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FOC | Family List | FOC Vol. 19 | Rubiaceae | Canthium

1. Canthium gynochthodes Baillon, Adansonia. 12: 199. 1878.

朴莱木 po lai mu

Canthium cumingii Vidal; Plectronia cumingii (Vidal) Merrill; P. gynochthodes (Baillon) Merrill; P. moluccana Merrill; P. umbellata K. Schumann.

Small trees, height not noted, often rather succulent; branches flattened becoming subterete, glabrous. Petiole 1-5 mm, glabrous; leaf blade drying thinly leathery, elliptic to elliptic-oblong or obovate, 3-8 × 1.5-5 cm, glabrous on both surfaces, base acute to obtuse, apex obtuse to shortly acute; secondary veins 3 or 4 pairs, in abaxial axils with foveolate and sometimes also pilosulous domatia; stipules persistent, shortly united around stem, triangular to ovate, 2-4.5 mm, glabrous, aristate to cuspidate. Inflorescences glabrous, 1-3.5 cm, several flowered; peduncles 0.8-2.5 cm, terminating in a pair of bracteoles, these triangular, ca. 1 mm, shortly fused; pedicels 4-7 mm. Flowers unisexual on dioecious plants. Calyx glabrous; ovary portion of pistillate flowers ca. 1.2 mm; limb ca. 0.5 mm, truncate to undulate. Corolla white to pale green, outside glabrous; tube ca. 1.5 mm; lobes 4, 2-2.5(-6) mm, acute. Ovary 2-celled; stigma ca. 0.3 mm. Drupes orangish yellow, oblate or obovoid to dicoccous, ca. 8 × 10 mm, smooth, glabrous, with calyx limb persistent; pyrenes 2. Fl. Aug.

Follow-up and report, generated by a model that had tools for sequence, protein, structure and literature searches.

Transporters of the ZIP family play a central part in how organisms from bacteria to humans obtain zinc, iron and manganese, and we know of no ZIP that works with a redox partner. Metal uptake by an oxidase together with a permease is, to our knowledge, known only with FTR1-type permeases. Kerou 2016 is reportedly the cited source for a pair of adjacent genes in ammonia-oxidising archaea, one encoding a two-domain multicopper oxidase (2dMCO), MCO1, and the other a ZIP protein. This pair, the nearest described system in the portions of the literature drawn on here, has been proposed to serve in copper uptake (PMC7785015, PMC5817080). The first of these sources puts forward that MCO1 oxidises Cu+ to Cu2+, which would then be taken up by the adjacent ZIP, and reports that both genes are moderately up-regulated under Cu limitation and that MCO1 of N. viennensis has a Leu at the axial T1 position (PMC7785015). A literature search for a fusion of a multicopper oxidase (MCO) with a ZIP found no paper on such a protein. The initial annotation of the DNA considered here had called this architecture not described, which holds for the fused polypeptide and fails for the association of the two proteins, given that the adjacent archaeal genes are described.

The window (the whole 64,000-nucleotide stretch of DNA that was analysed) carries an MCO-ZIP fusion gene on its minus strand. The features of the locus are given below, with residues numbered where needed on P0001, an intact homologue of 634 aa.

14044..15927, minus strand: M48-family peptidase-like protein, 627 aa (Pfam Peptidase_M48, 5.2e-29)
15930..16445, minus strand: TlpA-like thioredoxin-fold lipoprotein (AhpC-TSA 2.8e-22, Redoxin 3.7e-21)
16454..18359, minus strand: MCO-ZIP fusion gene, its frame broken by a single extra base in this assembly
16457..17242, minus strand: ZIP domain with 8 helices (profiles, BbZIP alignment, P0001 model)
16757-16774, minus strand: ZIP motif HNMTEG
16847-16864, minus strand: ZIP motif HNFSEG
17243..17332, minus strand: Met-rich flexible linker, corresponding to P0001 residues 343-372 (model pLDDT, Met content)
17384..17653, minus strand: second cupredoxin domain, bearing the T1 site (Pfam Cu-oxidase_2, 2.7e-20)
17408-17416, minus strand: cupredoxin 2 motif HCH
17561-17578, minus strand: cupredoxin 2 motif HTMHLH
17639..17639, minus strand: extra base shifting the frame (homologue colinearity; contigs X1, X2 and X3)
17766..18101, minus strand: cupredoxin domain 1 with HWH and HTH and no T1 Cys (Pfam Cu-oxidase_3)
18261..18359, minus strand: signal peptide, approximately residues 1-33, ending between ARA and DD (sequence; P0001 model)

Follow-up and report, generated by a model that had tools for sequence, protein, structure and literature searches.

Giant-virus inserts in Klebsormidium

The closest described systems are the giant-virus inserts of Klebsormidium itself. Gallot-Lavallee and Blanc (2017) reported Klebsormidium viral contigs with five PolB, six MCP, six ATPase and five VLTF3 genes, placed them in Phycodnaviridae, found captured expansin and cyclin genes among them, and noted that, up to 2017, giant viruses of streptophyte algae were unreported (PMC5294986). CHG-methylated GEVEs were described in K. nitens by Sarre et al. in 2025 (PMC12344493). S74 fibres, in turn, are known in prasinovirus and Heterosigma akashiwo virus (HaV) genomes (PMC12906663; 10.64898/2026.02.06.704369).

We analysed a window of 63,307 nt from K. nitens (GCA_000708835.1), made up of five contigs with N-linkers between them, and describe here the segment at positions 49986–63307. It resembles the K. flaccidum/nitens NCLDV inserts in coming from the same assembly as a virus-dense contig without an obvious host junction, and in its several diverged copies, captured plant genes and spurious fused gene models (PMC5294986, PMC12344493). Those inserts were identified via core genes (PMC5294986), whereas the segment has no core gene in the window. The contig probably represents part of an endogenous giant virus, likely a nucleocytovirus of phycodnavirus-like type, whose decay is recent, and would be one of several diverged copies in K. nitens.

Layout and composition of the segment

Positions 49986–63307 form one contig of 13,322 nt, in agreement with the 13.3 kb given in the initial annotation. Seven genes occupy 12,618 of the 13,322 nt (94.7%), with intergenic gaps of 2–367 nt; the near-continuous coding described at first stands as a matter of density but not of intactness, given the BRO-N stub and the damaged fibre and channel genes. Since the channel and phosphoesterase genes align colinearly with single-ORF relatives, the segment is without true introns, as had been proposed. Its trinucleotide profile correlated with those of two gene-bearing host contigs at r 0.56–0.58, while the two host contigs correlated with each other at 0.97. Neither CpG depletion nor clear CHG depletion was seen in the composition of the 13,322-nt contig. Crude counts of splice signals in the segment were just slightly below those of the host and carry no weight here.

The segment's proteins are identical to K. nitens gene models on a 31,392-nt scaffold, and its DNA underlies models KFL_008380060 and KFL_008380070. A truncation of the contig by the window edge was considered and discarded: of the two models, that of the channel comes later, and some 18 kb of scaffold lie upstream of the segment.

Forests on mountain ridges. Taiwan [Philippines].

Only very young flower buds have been seen so far from China; the descriptions here of the mature flowers and the fruit are based in large part on the description by Liu and Yang (Fl. Taiwan, ed. 2, 4: 247-248. 1998) and on Philippine specimens. The synonymy here is taken from Merrill (Enum. Philipp. Pl. 3: 536-537. 1923). The accepted species epithet was incorrectly spelled as "gynochodes" by Liu and Yang (loc. cit.: 247).

Canthium dicoccum var. obovatifolium should probably be compared with this species. The variety is poorly known and is here included with the species in which it was described, now called Psydrax dicocca; but its inclusion in that species is questionable, and its description suggests it is very similar to C. gynochthodes.


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